Are you trying to decide whether to be a stay-at-home mum or head back to work? The results of a new study may help you make up your mind.
A study published by the American Psychological Association found that mothers with jobs were healthier and happier than mums who stay at home during their children's infancy and pre-school years. It found that the best way for mums to balance their working and home life was to work part time, which involved between one and 32 hours per week.
The research involved interviewing 1364 mothers, including 24 percent ethnic minorities, 1 percent without a high school degree, and 14 percent single parents, shortly after their child's birth with interviews and observation over 10 years from 1991.
Lead author Cheryl Buehler, PhD, professor of human development and family studies, at the University of North Carolina at Greensboro said the study found there was no difference between mums who worked part time and full time.
"In all cases with significant differences in maternal well-being, such as conflict between work and family or parenting, the comparison favored part-time work over full-time or not working," she said.
"However, in many cases the well-being of mums working part time was no different from mums working full time."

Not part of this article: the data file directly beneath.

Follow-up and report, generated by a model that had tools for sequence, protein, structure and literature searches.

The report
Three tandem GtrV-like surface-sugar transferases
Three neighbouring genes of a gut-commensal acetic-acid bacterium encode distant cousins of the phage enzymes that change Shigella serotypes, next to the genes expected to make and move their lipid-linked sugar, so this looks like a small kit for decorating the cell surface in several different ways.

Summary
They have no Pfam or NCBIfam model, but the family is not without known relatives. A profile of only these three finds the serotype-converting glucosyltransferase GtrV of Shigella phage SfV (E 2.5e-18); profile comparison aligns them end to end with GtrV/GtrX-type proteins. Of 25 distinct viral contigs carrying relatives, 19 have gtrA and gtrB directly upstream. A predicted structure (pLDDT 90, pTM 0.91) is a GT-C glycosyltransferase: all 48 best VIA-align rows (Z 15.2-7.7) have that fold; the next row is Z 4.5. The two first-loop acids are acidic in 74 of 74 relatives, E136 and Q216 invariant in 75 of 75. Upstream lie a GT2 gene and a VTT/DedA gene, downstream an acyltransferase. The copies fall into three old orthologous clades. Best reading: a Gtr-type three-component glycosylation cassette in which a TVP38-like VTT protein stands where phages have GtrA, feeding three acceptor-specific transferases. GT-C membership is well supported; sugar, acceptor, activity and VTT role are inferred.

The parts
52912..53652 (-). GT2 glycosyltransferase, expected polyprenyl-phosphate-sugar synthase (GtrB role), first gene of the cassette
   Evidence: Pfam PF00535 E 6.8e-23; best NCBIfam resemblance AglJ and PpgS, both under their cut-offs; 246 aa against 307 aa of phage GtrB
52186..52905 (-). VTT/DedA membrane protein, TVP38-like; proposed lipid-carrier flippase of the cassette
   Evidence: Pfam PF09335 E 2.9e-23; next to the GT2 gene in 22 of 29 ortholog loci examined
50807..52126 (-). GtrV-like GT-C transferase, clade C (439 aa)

The study found that mothers employed part time reported better overall health and fewer symptoms of depression than stay-at-home moms.
There was no reported differences in general health or depressive symptoms between mums employed part time and those who worked full time.
The mums who worked part-time and the mums who worked full time showed no difference in their perception of how their work supported their family.
The study also found that the part-time working mums were just as involved in their child's school as stay-at-home mums, and more involved than mums who worked full time.
In fact, it was found that part time working mums appeared to be more sensitive to pre-school aged children and provided more learning opportunities for toddlers than stay-at-home mums and mums working full time.
The authors of the study said that part-time employment worked well for both the employees and their employers.
"Since part-time work seems to contribute to the strength and well-being of families, it would be beneficial to employers if they provide fringe benefits, at least proportionally, to part-time employees as well as offer them career ladders through training and promotion," said study co-author Marion O'Brien, PhD, professor of human development and family studies, said.
The researchers of the study, which was published in APA's Journal of Family Psychology, said more study needed to be done on other employment-related factors such as professional status, scheduling flexibility, work commitment and shift schedules.
Your say: Do you agree with the study? How do you balance work and raising your children? Tell us in the comments box below.